"MOTHER FUCKER" transparent? [was: Percentage point--missed word in dictionaries]

Douglas G. Wilson douglas at NB.NET
Sun Dec 30 05:17:34 UTC 2001

>This professor, may he rest in peace, had a doctorate in English from
>the University of London. His dissertation on a minor Victorian author
>was published by the author's cousin who ran a book publishing company
>in Australia. His editors apparently did a good copy-editing job on the
>manuscript. The text was flawless as far as I could see, but for obvious
>reasons, they dared not touch the Dedication, which read: "To my mother
>for her inordinate affection [to me]..." The editors probably thought,
>Hey, if something had been going on between mother and son, who are we
>to put in our two cents worth?
>Now, as all English experts and others (including learners beyond a
>certain grade level) know, "inordinate affection/love," is a
>collocational phrase that means something bad, very bad, in the contexts
>in which it is used. (Questions of sexual orientation would not be
>relevant). It occurs frequently in ascetical Christian religious
>literature, as in the socalled "Rodriguez" (Rodrigues?) volumes.
>"Inordinate," by morphology and definition, is negative in meaning
>("disorderly or immoderate") and Rodriguez would be referring to
>homosexual and such affections, as betwen religious who have taken the
>vow of chastity; "particular friendship" is another term referring to
>the same concept in the above contexts. Incestuous love is included in
>the meaning of the term.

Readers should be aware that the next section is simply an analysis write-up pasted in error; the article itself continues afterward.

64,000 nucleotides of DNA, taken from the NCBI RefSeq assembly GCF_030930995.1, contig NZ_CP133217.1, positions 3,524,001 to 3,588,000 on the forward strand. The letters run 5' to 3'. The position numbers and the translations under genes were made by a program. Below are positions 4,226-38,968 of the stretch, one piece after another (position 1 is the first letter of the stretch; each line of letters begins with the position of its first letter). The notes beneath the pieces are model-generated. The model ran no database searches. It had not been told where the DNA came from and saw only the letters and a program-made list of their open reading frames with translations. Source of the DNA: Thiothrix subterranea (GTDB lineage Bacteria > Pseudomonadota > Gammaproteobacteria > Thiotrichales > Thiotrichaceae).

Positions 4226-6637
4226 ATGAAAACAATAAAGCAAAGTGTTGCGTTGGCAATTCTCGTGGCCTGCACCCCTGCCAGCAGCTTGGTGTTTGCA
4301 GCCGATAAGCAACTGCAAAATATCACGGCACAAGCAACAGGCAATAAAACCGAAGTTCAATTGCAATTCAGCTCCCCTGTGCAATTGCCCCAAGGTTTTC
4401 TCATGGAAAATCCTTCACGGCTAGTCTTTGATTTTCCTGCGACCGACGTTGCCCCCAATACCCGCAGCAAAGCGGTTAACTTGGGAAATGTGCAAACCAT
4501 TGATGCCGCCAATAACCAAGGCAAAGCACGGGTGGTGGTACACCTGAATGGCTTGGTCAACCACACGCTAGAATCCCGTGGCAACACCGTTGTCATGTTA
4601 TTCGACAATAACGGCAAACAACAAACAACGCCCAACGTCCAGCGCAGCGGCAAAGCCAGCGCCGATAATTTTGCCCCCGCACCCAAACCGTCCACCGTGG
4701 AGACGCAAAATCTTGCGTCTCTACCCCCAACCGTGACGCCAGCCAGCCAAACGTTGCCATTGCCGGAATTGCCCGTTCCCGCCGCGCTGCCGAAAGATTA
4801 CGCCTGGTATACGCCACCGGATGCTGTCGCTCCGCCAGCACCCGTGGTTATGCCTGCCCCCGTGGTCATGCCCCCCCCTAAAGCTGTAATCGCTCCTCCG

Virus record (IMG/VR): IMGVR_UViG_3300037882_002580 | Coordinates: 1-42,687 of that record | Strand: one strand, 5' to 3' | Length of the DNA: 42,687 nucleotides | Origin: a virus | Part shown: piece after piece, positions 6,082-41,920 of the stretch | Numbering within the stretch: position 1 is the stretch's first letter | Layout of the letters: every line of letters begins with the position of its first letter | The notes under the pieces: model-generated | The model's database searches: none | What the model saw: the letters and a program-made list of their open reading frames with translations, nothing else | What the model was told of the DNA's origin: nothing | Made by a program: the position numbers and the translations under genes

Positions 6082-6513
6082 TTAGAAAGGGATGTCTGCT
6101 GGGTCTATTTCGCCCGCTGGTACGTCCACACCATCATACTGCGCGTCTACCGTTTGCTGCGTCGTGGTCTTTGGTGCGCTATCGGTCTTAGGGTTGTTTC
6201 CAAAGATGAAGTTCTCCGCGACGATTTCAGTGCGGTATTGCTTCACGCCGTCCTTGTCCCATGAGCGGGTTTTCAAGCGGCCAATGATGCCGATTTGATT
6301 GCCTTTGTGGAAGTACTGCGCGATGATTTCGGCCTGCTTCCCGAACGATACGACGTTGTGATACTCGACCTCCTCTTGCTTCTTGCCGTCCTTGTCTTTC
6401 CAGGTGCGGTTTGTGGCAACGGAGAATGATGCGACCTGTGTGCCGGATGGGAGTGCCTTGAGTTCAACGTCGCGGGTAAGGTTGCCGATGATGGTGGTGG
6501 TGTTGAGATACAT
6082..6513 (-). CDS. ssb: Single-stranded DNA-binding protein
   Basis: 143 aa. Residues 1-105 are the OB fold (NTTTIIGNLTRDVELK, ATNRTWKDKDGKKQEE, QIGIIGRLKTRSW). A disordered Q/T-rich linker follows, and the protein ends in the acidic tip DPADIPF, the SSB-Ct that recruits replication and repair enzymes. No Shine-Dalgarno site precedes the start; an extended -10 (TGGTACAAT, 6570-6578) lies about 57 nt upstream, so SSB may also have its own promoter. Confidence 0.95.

>When the phrase is applied to one's mother, I suppose the
>uncollocational semi-transparent idiomatic term "mother fucker" comes to
>mind. ....

Now, just a moment. I'm a learner of English at a relatively high grade
level, and I don't have any problem at all with that dedication as quoted.

Perhaps the restriction on "inordinate love/affection" is itself
restricted, perhaps to certain religious contexts with which I'm not very

My quick Web search does turn up a lot of religiously-oriented material in
which "inordinate" means "improper" or worse. But in the above quotation it
seems perfectly innocent to me, with "inordinate" at most meaning something
like "excessive" (here perhaps used for 'mild self-deprecation' as in "You
are too kind", "This is more than I deserve", etc.) and possibly meaning
merely "unrestrained". Had I been the editor, I would have passed it
without a thought; had I (as editor) received a specific query about it, I
would have said that it looked perfectly fine (although "inordinate" would
not be my own first-choice word here).

Here are a few other examples:

Anne Bronte, "The Tenant of Wildfell Hall" (Ch. 43):

<<'She [the new governess] is a very estimable, pious young person,' said
he; 'you needn't be afraid. Her name is Myers, I believe; and she was
recommended to me by a respectable old dowager: a lady of high repute in
the religious world. I have not seen her myself, and therefore cannot give
you a particular account of her person and conversation, and so forth; but,
if the old lady's eulogies are correct, you will find her to possess all
desirable qualifications for her position: an inordinate love of children
among the rest.'>>

Autobiography of Konrad Lorenz (Nobel Prize, 1973):

<<I grew up in the large house and the larger garden of my parents in
Altenberg. They were supremely tolerant of my inordinate love for animals.>>

Web column in "Al-Ahram Weekly On-line" (Egypt) [referring to the
"mother-in-law" stereotype]:

<<A mother's inordinate love for her son or daughter may become possessive
and breed tensions when they decide to take partners.>>

I think "inordinate" = "immoderate"/"unrestrained" or so in all of these
and I do not think there are any sexual connotations.

-- Doug Wilson

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